Senate Finance Committee Kills Charter Schools Bill

Feb 23, 2015

At the legislature today, infrastructure development around Morgantown will be helped by a bill passing the House of Delegates.  The bill makes adjustments for a tax increment financing district in Monongalia County. The Senate approves a bill that will add judges to four of the busiest circuits in the state court system.  And tonight, we’ll find out more about an effort to strengthen small communities to keep them economically viable on The Legislature Today.

Senate Approves Non-Partisan Election of Judges

Feb 20, 2015

At the legislature today, with three weeks left in this session, the Senate suspended the constitutional rule that bills be read on three separate days to quickly move legislation to the house.  In the House, the Government Organization committee has rejected a bill that would give County Commissions the authority to pass smoking regulations.  These stories and more legislative news coming up on The Legislature Today.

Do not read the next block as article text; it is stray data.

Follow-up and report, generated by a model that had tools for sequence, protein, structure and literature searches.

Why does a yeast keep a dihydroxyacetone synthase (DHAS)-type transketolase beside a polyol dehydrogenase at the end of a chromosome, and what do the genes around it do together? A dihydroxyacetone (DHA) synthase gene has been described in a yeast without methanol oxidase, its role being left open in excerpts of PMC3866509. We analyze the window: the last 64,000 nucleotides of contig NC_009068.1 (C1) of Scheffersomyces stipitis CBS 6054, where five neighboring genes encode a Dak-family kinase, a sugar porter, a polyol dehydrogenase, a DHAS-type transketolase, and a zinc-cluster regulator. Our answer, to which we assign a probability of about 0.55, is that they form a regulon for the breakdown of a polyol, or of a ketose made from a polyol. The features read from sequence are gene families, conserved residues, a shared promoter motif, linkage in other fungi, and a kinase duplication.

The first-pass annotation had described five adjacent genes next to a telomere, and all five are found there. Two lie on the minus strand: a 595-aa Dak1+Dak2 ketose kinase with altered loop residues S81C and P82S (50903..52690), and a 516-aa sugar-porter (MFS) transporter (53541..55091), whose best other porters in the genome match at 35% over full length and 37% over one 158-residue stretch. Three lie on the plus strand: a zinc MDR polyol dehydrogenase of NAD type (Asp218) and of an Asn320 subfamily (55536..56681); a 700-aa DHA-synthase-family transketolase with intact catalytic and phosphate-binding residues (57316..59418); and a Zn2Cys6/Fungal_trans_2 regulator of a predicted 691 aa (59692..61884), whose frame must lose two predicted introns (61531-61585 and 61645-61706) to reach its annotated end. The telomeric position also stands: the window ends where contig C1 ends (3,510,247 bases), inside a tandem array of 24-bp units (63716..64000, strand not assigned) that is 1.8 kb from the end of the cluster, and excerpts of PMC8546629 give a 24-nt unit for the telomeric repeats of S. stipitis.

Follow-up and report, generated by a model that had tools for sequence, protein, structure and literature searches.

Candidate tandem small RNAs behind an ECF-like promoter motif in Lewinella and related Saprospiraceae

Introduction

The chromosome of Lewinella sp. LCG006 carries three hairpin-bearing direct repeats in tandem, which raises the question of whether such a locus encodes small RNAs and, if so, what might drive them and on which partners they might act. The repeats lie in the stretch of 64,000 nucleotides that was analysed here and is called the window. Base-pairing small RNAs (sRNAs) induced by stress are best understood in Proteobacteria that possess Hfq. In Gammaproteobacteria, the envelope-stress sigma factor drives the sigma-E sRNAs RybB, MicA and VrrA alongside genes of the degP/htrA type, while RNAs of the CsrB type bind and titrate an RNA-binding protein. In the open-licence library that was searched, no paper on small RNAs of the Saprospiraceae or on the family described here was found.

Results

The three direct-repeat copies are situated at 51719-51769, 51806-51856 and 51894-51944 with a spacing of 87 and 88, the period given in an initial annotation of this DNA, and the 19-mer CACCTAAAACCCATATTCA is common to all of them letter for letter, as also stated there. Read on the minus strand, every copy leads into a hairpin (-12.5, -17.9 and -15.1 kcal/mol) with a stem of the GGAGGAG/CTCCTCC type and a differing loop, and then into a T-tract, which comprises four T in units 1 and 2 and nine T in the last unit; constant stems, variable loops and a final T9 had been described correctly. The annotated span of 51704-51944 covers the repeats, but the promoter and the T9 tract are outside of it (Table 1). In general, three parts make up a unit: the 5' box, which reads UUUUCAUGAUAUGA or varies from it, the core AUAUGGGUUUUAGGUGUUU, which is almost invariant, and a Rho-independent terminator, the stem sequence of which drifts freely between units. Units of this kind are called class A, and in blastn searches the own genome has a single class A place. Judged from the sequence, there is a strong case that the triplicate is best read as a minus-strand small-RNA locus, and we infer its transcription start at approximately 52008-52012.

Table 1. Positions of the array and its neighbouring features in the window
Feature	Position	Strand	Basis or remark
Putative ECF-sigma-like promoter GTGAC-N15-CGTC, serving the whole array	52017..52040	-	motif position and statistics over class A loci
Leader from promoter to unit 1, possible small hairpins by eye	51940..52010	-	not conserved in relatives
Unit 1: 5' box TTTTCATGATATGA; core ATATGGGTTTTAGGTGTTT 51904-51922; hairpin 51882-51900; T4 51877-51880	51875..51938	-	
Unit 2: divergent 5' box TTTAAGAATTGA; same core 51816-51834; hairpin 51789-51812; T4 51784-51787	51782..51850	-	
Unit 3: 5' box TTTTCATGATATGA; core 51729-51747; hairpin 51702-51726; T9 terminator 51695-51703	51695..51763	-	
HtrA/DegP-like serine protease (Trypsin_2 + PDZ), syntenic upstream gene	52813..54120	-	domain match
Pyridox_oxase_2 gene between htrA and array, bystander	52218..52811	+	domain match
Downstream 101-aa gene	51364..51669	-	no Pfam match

Senate Taking a Long Look at Charter Schools

Feb 13, 2015

At the legislature today, both chambers have started to move on Governor Tomblin's bill to aid the state's craft brewing industry. In the House, the bill received some minor changes in committee. Senators are still working to craft a bill that would allow charter schools in West Virginia weeks after the process began. And we'll talk with the senate president now that the session is passed the halfway point on The Legislature Today.